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Social Learning and Water Resources Management

Claudia Pahl-Wostl, University of Osnabrück
Marc Craps, Katholieke Universiteit
Art Dewulf, Katholieke Universiteit
Erik Mostert, Delft University of Technology
David Tabara, Autonomous Unversity of Barcelona
Tharsi Taillieu, Katholieke Universiteit


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Natural resources management in general, and water resources management in particular, are currently undergoing a major paradigm shift. Management practices have largely been developed and implemented by experts using technical means based on designing systems that can be predicted and controlled. In recent years, stakeholder involvement has gained increasing importance. Collaborative governance is considered to be more appropriate for integrated and adaptive management regimes needed to cope with the complexity of social-ecological systems. The paper presents a concept for social learning and collaborative governance developed in the European project HarmoniCOP (Harmonizing COllaborative Planning). The concept is rooted in the more interpretive strands of the social sciences emphasizing the context dependence of knowledge. The role of frames and boundary management in processes of learning at different levels and time scales is investigated. The foundation of social learning as investigated in the HarmoniCOP project is multiparty collaboration processes that are perceived to be the nuclei of learning processes. Such processes take place in networks or “communities of practice” and are influenced by the governance structure in which they are embedded. Requirements for social learning include institutional settings that guarantee some degree of stability and certainty without being rigid and inflexible. Our analyses, which are based on conceptual considerations and empirical insights, suggest that the development of such institutional settings involves continued processes of social learning. In these processes, stakeholders at different scales are connected in flexible networks that allow them to develop the capacity and trust they need to collaborate in a wide range of formal and informal relationships ranging from formal legal structures and contracts to informal, voluntary agreements.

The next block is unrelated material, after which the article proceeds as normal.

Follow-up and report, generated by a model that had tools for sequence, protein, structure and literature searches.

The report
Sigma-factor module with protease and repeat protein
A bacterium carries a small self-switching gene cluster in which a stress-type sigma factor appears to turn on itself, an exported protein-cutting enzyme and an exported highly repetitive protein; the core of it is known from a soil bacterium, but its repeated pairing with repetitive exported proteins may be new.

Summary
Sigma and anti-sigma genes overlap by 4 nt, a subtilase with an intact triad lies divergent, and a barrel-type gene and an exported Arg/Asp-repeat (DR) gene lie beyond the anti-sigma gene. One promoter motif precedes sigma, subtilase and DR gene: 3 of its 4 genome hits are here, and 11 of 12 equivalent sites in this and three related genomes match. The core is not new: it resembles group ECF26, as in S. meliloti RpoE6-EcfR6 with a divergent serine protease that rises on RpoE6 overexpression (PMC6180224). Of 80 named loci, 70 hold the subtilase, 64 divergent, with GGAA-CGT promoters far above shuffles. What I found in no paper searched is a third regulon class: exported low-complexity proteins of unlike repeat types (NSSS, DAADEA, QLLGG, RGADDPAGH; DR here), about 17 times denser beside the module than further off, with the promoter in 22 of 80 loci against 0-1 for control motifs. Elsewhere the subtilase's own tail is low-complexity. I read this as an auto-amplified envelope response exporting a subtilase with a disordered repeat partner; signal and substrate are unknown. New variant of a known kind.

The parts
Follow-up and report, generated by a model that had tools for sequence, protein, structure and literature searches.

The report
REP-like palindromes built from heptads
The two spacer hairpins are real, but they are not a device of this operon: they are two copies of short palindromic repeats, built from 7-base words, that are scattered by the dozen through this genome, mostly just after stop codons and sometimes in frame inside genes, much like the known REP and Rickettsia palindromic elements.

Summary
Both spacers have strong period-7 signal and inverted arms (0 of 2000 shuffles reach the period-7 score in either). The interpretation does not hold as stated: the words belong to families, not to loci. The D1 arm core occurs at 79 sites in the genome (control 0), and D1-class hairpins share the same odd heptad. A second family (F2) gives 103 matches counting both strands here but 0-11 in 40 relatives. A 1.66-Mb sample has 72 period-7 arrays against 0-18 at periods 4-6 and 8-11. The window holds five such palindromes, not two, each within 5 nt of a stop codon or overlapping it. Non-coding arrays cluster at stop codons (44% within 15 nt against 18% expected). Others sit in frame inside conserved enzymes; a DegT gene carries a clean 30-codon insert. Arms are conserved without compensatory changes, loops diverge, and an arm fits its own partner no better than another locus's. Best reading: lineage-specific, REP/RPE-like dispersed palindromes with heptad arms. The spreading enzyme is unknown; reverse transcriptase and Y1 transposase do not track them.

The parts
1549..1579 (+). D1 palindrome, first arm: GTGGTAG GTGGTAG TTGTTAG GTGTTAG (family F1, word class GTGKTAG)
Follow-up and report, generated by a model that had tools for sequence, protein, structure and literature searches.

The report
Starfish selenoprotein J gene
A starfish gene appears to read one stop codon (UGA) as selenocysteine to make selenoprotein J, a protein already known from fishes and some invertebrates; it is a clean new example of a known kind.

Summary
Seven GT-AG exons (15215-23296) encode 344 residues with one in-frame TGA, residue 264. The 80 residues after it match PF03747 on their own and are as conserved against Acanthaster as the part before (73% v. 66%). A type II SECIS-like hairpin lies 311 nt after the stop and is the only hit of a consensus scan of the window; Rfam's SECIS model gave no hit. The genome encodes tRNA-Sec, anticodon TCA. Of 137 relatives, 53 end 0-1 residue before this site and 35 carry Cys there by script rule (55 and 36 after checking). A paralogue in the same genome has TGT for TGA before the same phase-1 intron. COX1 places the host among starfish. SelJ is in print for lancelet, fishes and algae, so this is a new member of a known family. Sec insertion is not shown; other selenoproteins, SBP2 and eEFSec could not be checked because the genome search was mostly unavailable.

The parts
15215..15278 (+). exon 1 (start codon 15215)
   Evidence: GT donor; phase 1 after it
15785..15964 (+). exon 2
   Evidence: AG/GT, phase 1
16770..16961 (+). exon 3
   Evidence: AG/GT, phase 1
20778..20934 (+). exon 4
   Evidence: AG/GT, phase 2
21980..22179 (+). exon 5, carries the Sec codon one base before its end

Key words

social learning; collaborative governance; adaptive management; water resources

Copyright © 2007 by the author(s). Published here under license by The Resilience Alliance. This article  is under a Creative Commons Attribution-NonCommercial 4.0 International License.  You may share and adapt the work for noncommercial purposes provided the original author and source are credited, you indicate whether any changes were made, and you include a link to the license.

Ecology and Society. ISSN: 1708-3087